• Dummied Out: Because Black Isle Studios ran short of development time, quite a few places and quests were only halfway implanted or completely left out of the game, which leaves a couple of plot threads, such as finding Sulik's sister and exposing the cattle rustlers in Klamath, hanging in the wind. Fanmade patches, such as the Fallout 2 Restoration Project (still updates regularly), seeks to restore them to a playable state. Still, there are many things even the Restoration Project has yet to explain, such as the "Brotherhood" area in the Oil Rig.
  • Easter Egg: One of the original Wide Open Sandbox games should of course have these in spades, including an actual egg that can be found.
  • Eat the Dog: Cousin Nagor's beloved dog, Smoke, will eventually be turned into a delicious meal by least-favorite aunt Morlis if you take too long getting the GECK.
    • Also, a girl in the Den will tell you a story about how her cat Cuddles was cute and adorable and loving, until the day food started to get scarce...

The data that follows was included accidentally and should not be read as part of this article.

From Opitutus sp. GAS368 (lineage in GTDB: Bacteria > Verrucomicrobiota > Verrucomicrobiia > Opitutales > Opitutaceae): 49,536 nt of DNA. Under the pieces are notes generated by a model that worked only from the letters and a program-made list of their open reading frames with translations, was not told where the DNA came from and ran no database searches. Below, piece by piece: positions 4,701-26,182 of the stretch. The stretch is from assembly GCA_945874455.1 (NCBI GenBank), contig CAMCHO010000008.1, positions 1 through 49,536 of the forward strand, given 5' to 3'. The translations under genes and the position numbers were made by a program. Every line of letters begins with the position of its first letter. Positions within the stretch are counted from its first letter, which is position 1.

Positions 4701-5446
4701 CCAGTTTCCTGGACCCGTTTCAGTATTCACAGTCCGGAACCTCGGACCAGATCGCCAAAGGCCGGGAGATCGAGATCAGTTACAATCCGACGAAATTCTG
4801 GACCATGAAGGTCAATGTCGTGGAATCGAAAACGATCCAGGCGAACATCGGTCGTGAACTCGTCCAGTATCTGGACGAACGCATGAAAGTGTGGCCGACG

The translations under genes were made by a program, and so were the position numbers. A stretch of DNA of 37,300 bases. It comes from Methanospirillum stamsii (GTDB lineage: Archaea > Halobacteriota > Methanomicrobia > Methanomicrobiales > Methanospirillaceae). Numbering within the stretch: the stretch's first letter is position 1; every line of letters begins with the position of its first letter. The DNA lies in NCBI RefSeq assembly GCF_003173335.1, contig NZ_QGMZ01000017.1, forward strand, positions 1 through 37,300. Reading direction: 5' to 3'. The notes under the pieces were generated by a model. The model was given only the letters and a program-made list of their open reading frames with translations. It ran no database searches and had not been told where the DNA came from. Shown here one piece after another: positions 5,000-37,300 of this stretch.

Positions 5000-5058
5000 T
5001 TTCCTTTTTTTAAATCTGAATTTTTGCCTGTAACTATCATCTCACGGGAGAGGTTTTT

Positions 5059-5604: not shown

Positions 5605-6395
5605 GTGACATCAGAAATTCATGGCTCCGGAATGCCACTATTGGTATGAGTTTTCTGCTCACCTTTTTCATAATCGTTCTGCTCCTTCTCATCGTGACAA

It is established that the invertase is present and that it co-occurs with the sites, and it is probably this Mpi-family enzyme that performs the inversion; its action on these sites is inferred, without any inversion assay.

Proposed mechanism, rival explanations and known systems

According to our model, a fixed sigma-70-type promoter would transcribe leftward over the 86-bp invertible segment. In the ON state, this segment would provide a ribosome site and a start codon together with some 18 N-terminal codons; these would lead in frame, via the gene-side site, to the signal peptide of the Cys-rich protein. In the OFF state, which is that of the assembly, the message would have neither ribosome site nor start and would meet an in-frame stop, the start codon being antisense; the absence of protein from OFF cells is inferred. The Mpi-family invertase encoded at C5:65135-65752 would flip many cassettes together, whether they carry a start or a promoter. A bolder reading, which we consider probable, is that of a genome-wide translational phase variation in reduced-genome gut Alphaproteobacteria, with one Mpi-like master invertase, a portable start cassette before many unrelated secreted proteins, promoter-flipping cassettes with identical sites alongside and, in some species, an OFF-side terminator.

• Elite Mooks: The Enclave soldiers on the Poseidon Oil Rig.
  • Empty Room Psych: Such that veteran players will know which rooms not to enter in subsequent play throughs.
  • Establishing Character Moment: If the sinister look of the Enclave trooper on the start menu wasn't enough to tip you off on their role as the main antagonists, their scene in the intro have them opening fire on unarmed vault dwellers who were just waving at them.
  • Exposition of Immortality: Harold, the ghoul-like mutant first encountered by The Vault Dweller in Fallout 1, can be encountered once again by the Chosen One. Along with much of the ghoul population of Necropolis, he's settled in an abandoned nuclear power plant and formed a small town named Gecko.
  • Even Evil Has Standards: The player can invoke this by doing some mildly evil things throughout the game, but being disgusted at Myron killing a bunch of slaves to get the formula for Jet right.
    Chosen One: You killed hundreds of human beings to test a drug?
    Myron: Who cares about a bunch of slaves anyway? We didn't want the drugs killing our customers.